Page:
Fun and standard shift, good mileage, quality when pre-owned


#1

I’m looking for something fun (I’m mid-life and female), and definitely standard shift that my kids can learn to drive in, and that has good gas mileage, and has good “pre-owned” quality. Mini? BMW? Audi? Are there some years that are better than others? My husband is suspicious of Mini as he thinks it is unsafe. What do you all think? We’ll leave the Suburban in the driveway for when we need it, and use the fun one for life-in-general at our beach town in Rhode Island. Suggestions?


#2

Can’t beat the e-46 BMW, The standard all others are judged by.This is the 1999 to 2004-5 3 series. They do have a list of common problems but not every car has every one.


#3

BMW is great balance of fun, reliability, MPG, safe etc. Mini is a hoot and are plenty safe with modern crash protection. Audi forget it.

Japanese I can only think of Infinity G35. Lexus IS series are nice too if you can find a stick.

Another great car if you make do with two seats is ANY year Miata.


#4

Civic SI, Mazda Speed3/Speed6, Acura Integra, Honda Del Sol


#5

BMW’s come with an ATTITUDE many people don’t care to adopt…They also come with MAJOR service issues…A Mustang GT convertible or the now discontinued T-bird are both “fun” cars. They like being garaged…


#6

Mid life crisis = E28 M5, the best Bimmer ever built in my opinion, or for a more financially viable piece of fun how about an IS : http://www.mye28.com/viewtopic.php?t=72778


#7

An RX-7 Roadster. Nothing BUT fun…


#8

You ought to be ashamed of yourself, I thought at least you’d be pushing the CTS-V…:slight_smile:

RX-7 is okay I hear, I blew the wheels of one with my M5 a couple of weeks ago, and they just have that sameness about them. That IS I posted is a huge amount of car for the money, I’ve seen it and driven it, goes like a train and is absolutely perfect alround. The very desirable Euro conversion alone will cost you around $2000.


#9

RX-7’s are quick enough in stock configuration…They come in different flavors, the turbo versions are more than most people can handle…If blowing the doors off M5’s is a requirement, for a few dollars more, that too can be arranged…


#10

BMWs are RWD with longitudinal engines, so replacing the clutch should be easier than with a FWD car. The only down sides are shop rates for dealers or specialists (shared with Audis and possibily Minis), parts prices (average about 50% higher than your typical economy car…sometimes more, sometimes less), and fuel economy in most models. Avoid early 90s V8s unless you know they’ve had the engines replaced. Early 90s 325s had water pump issues, and if the impeller was replaced with the original plastic, they could still have issues. E30s (late 80s-early 90s 3 series) are probably the coolest ones to have apart from the “clown shoe” Z3 Coupe, any wagons, and any M-cars.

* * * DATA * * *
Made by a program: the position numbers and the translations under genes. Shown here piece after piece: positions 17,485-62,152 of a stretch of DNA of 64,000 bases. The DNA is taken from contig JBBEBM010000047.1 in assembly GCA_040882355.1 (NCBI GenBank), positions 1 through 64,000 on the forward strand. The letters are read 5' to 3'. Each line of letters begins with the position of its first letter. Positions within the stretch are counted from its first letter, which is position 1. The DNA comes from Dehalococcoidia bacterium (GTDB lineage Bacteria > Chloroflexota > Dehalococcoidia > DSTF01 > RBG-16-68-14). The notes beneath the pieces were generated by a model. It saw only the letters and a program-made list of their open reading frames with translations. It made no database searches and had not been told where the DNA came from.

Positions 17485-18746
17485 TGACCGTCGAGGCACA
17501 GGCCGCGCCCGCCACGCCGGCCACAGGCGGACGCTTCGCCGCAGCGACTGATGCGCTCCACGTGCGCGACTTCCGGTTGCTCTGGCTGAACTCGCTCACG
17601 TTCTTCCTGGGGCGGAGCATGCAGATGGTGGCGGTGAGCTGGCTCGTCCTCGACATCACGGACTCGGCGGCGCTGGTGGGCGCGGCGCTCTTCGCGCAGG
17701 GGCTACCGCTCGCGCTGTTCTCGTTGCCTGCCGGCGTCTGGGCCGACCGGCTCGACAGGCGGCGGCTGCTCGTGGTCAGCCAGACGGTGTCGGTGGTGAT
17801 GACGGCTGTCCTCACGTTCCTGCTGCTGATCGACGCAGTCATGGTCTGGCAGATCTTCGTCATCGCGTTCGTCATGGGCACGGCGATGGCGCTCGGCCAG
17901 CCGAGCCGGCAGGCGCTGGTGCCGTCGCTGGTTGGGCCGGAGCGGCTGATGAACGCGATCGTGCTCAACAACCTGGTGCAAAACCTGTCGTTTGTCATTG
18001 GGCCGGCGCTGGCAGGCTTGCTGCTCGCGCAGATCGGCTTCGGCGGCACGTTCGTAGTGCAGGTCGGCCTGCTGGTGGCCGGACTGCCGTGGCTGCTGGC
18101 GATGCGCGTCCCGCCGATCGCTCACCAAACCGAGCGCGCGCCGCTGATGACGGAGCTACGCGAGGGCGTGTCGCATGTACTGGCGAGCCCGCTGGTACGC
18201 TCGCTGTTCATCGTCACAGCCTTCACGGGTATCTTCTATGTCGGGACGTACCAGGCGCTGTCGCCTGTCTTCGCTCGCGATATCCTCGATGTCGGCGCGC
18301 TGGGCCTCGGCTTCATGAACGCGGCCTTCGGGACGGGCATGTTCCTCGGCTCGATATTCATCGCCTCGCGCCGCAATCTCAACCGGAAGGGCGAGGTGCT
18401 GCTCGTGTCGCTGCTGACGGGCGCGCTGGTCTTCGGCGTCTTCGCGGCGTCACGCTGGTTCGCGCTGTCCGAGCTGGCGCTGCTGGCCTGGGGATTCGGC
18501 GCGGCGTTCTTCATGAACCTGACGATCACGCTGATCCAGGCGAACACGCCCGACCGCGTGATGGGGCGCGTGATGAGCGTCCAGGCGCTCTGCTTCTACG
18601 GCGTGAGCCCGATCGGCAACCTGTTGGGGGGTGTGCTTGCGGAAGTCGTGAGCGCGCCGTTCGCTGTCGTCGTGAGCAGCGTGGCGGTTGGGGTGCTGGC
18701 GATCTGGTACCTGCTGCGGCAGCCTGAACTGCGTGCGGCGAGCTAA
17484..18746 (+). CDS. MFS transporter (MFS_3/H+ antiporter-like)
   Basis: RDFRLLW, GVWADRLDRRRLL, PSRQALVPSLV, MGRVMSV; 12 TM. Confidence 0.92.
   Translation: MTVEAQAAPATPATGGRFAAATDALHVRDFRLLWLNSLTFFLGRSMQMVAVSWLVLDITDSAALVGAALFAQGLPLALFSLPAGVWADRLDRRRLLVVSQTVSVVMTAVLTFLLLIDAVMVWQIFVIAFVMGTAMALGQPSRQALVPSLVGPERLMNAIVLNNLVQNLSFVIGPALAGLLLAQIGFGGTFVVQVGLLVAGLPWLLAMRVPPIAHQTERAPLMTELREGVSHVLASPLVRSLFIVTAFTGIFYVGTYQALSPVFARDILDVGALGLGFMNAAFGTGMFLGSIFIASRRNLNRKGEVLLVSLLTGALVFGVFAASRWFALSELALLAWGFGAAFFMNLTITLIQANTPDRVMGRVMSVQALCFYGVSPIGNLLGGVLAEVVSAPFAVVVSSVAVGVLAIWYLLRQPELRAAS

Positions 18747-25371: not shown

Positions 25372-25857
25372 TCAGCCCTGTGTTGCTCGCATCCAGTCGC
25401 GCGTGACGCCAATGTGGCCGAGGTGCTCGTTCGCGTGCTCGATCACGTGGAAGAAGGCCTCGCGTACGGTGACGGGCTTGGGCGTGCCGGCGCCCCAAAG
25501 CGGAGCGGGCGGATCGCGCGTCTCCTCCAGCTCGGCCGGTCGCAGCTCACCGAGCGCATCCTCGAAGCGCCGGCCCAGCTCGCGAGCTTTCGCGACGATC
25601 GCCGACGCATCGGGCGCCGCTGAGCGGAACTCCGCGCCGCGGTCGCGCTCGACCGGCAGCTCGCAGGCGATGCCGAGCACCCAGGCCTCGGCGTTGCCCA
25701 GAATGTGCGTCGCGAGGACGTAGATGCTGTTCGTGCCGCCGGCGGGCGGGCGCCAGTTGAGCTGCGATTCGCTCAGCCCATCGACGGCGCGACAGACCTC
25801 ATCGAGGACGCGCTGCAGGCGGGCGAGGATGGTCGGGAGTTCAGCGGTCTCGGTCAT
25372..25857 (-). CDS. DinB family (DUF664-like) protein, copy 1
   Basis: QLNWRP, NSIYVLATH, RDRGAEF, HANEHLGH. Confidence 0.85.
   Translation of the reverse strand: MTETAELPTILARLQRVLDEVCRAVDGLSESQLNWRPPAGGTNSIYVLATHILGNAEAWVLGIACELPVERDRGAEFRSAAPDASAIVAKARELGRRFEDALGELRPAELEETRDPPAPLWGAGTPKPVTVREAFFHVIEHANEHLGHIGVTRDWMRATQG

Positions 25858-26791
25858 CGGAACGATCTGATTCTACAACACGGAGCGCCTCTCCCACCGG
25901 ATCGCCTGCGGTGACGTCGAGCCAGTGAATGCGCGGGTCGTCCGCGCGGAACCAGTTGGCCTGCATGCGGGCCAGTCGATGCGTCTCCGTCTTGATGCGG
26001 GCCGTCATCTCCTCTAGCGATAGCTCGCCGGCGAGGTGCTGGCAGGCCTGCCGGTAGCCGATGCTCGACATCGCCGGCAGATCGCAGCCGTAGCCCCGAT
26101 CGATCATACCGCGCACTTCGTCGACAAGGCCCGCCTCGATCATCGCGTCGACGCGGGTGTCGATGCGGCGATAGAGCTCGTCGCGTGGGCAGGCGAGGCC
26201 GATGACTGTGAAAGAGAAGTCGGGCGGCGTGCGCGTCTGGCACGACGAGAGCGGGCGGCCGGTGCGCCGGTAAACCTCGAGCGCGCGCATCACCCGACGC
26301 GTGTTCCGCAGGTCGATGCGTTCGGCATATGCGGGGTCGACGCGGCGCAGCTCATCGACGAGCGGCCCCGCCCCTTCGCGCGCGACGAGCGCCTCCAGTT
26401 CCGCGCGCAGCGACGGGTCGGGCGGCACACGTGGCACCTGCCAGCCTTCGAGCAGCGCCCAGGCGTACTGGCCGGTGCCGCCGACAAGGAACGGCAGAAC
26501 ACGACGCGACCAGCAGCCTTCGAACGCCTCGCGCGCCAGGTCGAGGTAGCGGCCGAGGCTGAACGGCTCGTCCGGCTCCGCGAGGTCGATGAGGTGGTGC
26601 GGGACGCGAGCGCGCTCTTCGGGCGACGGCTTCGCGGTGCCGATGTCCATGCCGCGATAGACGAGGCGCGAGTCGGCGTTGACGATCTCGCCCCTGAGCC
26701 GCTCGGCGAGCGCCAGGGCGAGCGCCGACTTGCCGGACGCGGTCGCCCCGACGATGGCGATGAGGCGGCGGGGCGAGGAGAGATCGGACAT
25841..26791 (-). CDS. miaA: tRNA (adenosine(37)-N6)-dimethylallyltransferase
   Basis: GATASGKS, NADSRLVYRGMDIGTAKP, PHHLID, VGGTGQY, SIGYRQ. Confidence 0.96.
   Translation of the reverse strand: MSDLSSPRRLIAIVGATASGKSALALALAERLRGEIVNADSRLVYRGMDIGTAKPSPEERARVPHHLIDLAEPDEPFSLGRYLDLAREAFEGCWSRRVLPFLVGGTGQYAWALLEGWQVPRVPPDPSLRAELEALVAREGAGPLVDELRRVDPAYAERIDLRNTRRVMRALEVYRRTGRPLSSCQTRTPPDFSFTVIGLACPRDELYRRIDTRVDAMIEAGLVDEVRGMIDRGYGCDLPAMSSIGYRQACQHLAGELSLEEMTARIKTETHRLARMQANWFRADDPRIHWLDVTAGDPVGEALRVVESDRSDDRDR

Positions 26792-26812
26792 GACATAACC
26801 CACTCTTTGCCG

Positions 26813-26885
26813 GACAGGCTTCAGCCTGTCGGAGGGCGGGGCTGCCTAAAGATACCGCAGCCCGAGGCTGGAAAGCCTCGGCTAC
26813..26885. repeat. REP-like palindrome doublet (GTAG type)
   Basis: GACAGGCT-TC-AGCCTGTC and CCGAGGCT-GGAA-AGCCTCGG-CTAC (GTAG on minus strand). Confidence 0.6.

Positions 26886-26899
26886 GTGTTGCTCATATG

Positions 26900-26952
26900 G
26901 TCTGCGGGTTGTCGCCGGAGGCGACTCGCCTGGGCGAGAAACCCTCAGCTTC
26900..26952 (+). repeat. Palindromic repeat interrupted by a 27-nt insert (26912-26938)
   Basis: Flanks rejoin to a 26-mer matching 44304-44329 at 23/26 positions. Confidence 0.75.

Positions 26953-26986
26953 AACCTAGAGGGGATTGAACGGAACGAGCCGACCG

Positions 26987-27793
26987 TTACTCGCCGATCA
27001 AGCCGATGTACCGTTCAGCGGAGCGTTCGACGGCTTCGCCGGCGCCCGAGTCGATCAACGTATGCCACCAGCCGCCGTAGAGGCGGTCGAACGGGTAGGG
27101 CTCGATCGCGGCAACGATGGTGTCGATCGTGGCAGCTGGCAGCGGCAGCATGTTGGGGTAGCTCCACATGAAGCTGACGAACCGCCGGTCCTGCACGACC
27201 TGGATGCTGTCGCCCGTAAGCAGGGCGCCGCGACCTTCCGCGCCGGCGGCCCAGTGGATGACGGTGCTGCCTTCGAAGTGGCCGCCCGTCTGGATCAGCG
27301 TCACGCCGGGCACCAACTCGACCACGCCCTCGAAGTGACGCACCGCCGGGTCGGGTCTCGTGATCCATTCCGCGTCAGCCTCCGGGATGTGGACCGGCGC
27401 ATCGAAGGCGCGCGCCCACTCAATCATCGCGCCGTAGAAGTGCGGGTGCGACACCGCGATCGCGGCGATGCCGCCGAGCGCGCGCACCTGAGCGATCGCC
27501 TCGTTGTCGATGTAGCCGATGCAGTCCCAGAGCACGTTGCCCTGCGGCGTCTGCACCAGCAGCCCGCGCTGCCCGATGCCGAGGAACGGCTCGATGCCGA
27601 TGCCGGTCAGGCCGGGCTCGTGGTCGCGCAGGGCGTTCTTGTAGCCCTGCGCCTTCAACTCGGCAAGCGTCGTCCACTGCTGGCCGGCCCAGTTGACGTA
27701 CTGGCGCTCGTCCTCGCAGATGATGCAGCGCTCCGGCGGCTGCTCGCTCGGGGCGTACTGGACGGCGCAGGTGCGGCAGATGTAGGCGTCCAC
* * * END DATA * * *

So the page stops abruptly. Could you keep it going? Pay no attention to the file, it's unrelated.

Audi had some reliability issues along with their VW kin in the late 90s-early 2000s, and some models have some design issues WRT maintenance. I recall a thread in which an Audi technician showed photos of a torque converter replacement on an Audi SUV. They had to remove all of the bodywork forward of the doors, and it was something like a 30 hour job. That was enough to horrify me away from ever considering an Audi.

Any reason you’re only looking at German cars? An RSX or a high-trim Civic with a manual is a good car, with good handling, and enough but not too much power. I’m not sure I’d give a new driver any of the turbo models (WRX, Legacy GT, Forester XT) but Subarus are pretty fun to drive, particularly in winter. Possibly the ideal vehicle for your situation, though, is the Mazda Protege 5. It’s basically a wagon version of the Protege MP3, which was the high-performance version of the Protege sedan. It handles very nicely and the manual is very well-behaved. The Mazda 3 is pretty good, too. Miatas are great, too, easy to work on, cheap parts, and safer than you’d think, but not as much as you probably want. (That can be vastly improved by adding a proper SCCA-approved roll-bar.) If you’re looking at relatively late-model cars, the only fun cars you’re getting from Toyota are either trucks or the MR2 or Celica.

Fun American cars are mostly too much for a new driver to handle…at least, you don’t want to pay for the insurance.

Minis are probably the safest cars that have ever been made in that size. Look for the crash test on youtube, and there’s this:


#11

$ for $ I think I’d head for the GM showroom if I wanted practical fun. The RX-7 may be good but it’s just another blob rice beater, it has the character of a plank.

The only reasons I keep my E28 M5 are that it’s distinguishable, it’s fast, it’s fun and it’s cheap to maintain. I keep a 76 Jaguar for the same reasons. There are very few modern cars that have the same attributes.


#12

Fun should = convertible. Therefore, I think you should check out the Mazda Miata and the Honda S2000. Short of a motorcycle, few things are as fun as a two seat convertible.


#13

BMW’s are pretty decent service wise. An independent mechanic especially ones who knows the make makes ownership more pleasant.


#14

I have not looked at the test results, but I would expect that the Mini would hold its own for safety relative to other fun cars.

My wife is also mid-life, and she absolutely loves her bright red 2004 BMW 330 with M3 wheels and trim. Her students think that she is the coolest (albiet strictest) teacher in high school. After 70k miles, repairs so far have been almost nil. Just normal brake and tire replacements. One water temperature sensor O-ring and one one window regulator that I fixed with zip ties.

Prior to this car, she had a bright red '97 328 BMW that is now our daughter’s car. Lots of miles, still looks and drives great.